Per a source close to Revis, that’s not the case.
(Given that Cimini has since added the words “I think” at the outset of his article, Cimini apparently has gotten that same message.)
The source insists Revis doesn’t wanted to be traded, hasn’t asked to be traded, and has never at any time during his career in New York intimated directly or indirectly a desire to be sent to a new team.
This doesn’t change the fact that the Jets are trying to move him. So if Revis doesn’t want to be traded, the question becomes why do the Jets want to trade him?
Multiple schools of thought currently are making their way through the NFL grapevine on this point. First, the Jets have grown tired of the Revis routine, and they have chosen to not even try to negotiate a new deal with him. Second, they prefer trading him to seeing him sign in 2014 with the Patriots, Giants, Dolphins, or Bills. Third, they don’t want to pay him quarterback money. Fourth, owner Woody Johnson doesn’t want to pay Revis or anyone significant money, quarterback or otherwise.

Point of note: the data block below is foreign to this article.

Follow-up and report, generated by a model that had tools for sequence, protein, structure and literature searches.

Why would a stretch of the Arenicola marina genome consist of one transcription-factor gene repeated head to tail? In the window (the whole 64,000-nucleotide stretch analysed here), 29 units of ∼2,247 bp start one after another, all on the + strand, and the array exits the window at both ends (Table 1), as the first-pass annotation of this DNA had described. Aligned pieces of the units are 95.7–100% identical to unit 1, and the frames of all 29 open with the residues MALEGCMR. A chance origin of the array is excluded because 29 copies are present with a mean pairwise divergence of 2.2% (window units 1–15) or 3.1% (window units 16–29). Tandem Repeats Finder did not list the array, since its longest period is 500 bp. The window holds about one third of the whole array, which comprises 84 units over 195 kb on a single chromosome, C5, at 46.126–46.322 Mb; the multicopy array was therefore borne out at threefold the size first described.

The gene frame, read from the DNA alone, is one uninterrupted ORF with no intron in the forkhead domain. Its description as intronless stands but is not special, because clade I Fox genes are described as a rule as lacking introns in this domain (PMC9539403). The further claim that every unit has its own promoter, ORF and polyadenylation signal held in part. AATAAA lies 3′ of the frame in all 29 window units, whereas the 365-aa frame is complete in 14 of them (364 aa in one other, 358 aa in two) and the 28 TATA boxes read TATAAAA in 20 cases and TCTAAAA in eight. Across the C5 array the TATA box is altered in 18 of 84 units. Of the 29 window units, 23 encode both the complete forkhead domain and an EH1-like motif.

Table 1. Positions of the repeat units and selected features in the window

The second and third options are undermined by the reality that, per the source, there have been no negotiations on a new contract for Revis — at any time. Last year, when Revis was contemplating another holdout, there were no talks. Before that, there we no talks. Since then, there have been no talks.
While the two sides disagree on whether Johnson and the Jets agreed to give Revis a long-term deal two or three seasons after Revis signed his four-year deal in 2010, the fact remains that there have been no discussions aimed at making Revis the NFL equivalent of Derek Jeter in New York. Per the source, that’s something Johnson specifically promised to Revis.
With no attempt to negotiate Darrelle’s Derek Jeter deal, it can’t be that the player’s demands scared Johnson away. Sure, there’s a chance that Johnson assumes Revis will want too much. But how can anyone know that without asking?
Thus, if the Jets ultimately trade Revis without negotiating with him, the reasonable interpretation will be that Johnson decided that he no longer wanted Revis on the team, or that Johnson doesn’t want to pay significant money to any player.
Either of those explanations aren’t likely to make the Personal Seat License holders happy, or to persuade others to buy any of the remaining unsold PSLs.